We are excited to see the launch of LEGO Ideas today, a new customer-led open innovation platform which enables anybody to suggest and launch new ideas for LEGO products and services. As a company they have come a long way since being reluctant open innovation pioneers, to now pro-actively sharing risk and rewards of developing new products with their over half a million customers today.
A short history of customer-led open innovation at LEGO
LEGO had no choice but to innovate with their customers – they literally demanded it of them. It started over a decade ago with a traditional closed innovation process, whereby a small group of people working in secret within the company for 18 months to develop a new product called Mindstorms (effectively a set of LEGO robots)
Very quickly after launch they noticed that not only were there 100,000’s of people talking about the new product (which is of course great marketing) but a significant minority had gone further – hacking into the computer code to rewrite it and make the product do different things or work better.
These ‘innovators’ were actually infringing on LEGO’s copyright and their lawyers did consider trying to shut it down. However, some of the innovations made by hackers consisted of improvements that the original core team had never thought of. And so the LEGO team decided to embrace the risk and Mindstorms subsequently became one of LEGO’s most successful new product launches of all time, at the time.
Since then they have had major successes through customer-led open innovation with the likes of LEGO Architecture – a set of iconic buildings such as Empire State Building and Sydney Opera House made out of LEGO. This was the brainchild of an external entrepreneur who had been running his web business successfully at small scale and had tried approaching LEGO many times only to be repeatedly rejected, before finding the right person at the right time and finally signing a licensing deal and joint venture and becoming ultimately very wealthy as a result.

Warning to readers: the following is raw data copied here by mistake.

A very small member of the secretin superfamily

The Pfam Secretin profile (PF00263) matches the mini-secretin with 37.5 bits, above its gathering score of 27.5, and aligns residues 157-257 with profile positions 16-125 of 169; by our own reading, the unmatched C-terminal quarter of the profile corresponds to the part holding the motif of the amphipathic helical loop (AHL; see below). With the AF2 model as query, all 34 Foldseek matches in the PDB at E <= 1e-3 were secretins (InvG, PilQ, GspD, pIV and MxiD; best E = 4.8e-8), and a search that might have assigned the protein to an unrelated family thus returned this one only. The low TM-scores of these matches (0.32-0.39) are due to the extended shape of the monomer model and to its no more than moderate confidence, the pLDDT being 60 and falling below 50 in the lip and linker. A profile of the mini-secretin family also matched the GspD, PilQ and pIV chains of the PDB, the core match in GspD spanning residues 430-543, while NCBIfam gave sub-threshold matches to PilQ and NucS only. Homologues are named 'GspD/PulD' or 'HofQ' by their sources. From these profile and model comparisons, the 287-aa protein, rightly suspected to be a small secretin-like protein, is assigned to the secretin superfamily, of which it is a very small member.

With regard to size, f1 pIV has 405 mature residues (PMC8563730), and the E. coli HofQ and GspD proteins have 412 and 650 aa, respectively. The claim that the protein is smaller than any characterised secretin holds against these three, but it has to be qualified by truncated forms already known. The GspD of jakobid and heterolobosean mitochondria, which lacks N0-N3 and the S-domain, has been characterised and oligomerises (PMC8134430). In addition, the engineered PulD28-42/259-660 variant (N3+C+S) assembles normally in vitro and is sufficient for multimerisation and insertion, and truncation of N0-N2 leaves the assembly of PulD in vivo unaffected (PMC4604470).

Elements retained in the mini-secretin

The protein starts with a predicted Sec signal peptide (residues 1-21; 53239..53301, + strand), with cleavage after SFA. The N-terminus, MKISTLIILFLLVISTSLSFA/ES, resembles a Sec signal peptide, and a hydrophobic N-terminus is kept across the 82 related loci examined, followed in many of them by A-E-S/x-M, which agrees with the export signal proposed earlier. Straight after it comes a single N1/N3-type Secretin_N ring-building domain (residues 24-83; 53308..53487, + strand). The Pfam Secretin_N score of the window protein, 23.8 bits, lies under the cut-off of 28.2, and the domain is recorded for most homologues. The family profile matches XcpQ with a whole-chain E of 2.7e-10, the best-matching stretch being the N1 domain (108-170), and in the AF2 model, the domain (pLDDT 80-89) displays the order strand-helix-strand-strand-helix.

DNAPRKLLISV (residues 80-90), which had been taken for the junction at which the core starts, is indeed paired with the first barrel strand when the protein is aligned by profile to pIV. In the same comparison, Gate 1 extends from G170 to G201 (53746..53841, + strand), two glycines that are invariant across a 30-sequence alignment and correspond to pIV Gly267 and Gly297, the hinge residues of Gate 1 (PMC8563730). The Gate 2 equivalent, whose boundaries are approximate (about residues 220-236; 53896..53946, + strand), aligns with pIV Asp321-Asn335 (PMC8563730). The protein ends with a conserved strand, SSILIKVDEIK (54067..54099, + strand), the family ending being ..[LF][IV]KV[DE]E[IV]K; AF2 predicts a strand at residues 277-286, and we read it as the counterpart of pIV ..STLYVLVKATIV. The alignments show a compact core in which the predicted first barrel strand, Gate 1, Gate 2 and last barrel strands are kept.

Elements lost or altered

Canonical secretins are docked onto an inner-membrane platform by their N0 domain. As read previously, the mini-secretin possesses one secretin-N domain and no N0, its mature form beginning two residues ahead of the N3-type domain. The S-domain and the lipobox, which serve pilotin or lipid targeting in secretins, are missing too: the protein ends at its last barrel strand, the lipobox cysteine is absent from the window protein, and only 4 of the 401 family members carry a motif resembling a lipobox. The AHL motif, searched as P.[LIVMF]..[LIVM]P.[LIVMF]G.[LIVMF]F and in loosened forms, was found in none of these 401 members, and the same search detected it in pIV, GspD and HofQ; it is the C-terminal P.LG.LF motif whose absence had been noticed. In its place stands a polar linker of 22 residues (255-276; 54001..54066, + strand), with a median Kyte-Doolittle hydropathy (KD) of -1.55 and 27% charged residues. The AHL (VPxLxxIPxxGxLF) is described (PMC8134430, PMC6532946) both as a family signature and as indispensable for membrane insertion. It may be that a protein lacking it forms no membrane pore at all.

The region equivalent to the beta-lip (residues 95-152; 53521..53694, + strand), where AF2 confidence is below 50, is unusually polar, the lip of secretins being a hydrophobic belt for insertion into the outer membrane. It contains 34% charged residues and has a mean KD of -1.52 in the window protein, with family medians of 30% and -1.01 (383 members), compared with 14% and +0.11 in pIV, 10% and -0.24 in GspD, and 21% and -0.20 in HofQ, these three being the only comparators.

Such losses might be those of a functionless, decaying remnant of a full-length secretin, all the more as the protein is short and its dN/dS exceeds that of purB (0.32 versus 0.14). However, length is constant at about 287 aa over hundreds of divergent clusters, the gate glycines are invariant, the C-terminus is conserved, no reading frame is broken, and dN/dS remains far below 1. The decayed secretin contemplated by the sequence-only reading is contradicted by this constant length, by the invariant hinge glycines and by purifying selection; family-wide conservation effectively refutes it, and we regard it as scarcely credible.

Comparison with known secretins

In 2008, LEGO took the idea of customer-led open innovation further and went on to pilot the Cuusoo community, initially only in Japan. The word Cuusoo means “I wish” in Japanese.
The basic concept was that anybody can post new design ideas, which then seek to secure 10,000+ votes from a community where each vote is in fact structured as an ‘intention to purchase’. If the idea reaches this threshold within 1 year, and also fulfils some stringent criteria (ie. conforming to build guidelines, no new bricks for example etc) then LEGO commits to producing the product (complete with packaging, instructions and full distribution) and crucially to share 1% of the revenue with the originator.
The new products developed through LEGO Cuusoo have exceeded expectations in terms of sales, in large part due to the customer involvement up front in the innovation process. One example is LEGO’s recent partnership with the hugely popular online game Minecraft. This partnerships came through the Cuusoo platform and was the most successful customer-led product to date.
The revenue-sharing model meant that LEGO would share information on revenue per product for the first time – taking LEGO to a greater degree of openness with financial information as well. Cuusoo has since grown to 500,000+ people and is today evolving into the new LEGO Ideas platform.
Learning from LEGO Ideas
The new LEGO Ideas platform launched today, built in partnership with Crowdsourcing experts Chaordix, one of 100%Open’s innovation service provider network partners. It builds directly on the LEGO Cuusoo community and allows you to do various new things. See an overview of how it works in the video below.
100%Open have been lucky enough to work with The LEGO Group several times over the past few years to help them develop and deliver their open innovation strategy and programme. We believe today’s launch is strategically important and interesting model for the following reasons:
Unleashing Your Customers Creativity
LEGO is in many ways a unique company. As a modular construction product it literally provides a platform for other people’s creativity, and inspires a loyalty and devotion from it’s customers which is truly remarkable and most other companies could only dream of. And yet what could be relevant from the LEGO Ideas story to your organisation and how might you best open up and unleash the creativity of your customers?
We believe that almost any company could learn from their experience and learning that customer-led open innovation starts with a very simple question: how might we buy from, as well as sell to our customers? This question may appear counterintuitive however it is important to answer because it is no longer is it sufficient to innovate alone. In fact it is increasingly possible and necessary to listen to the ideas that exists amongst your customer base and also to implement them as well.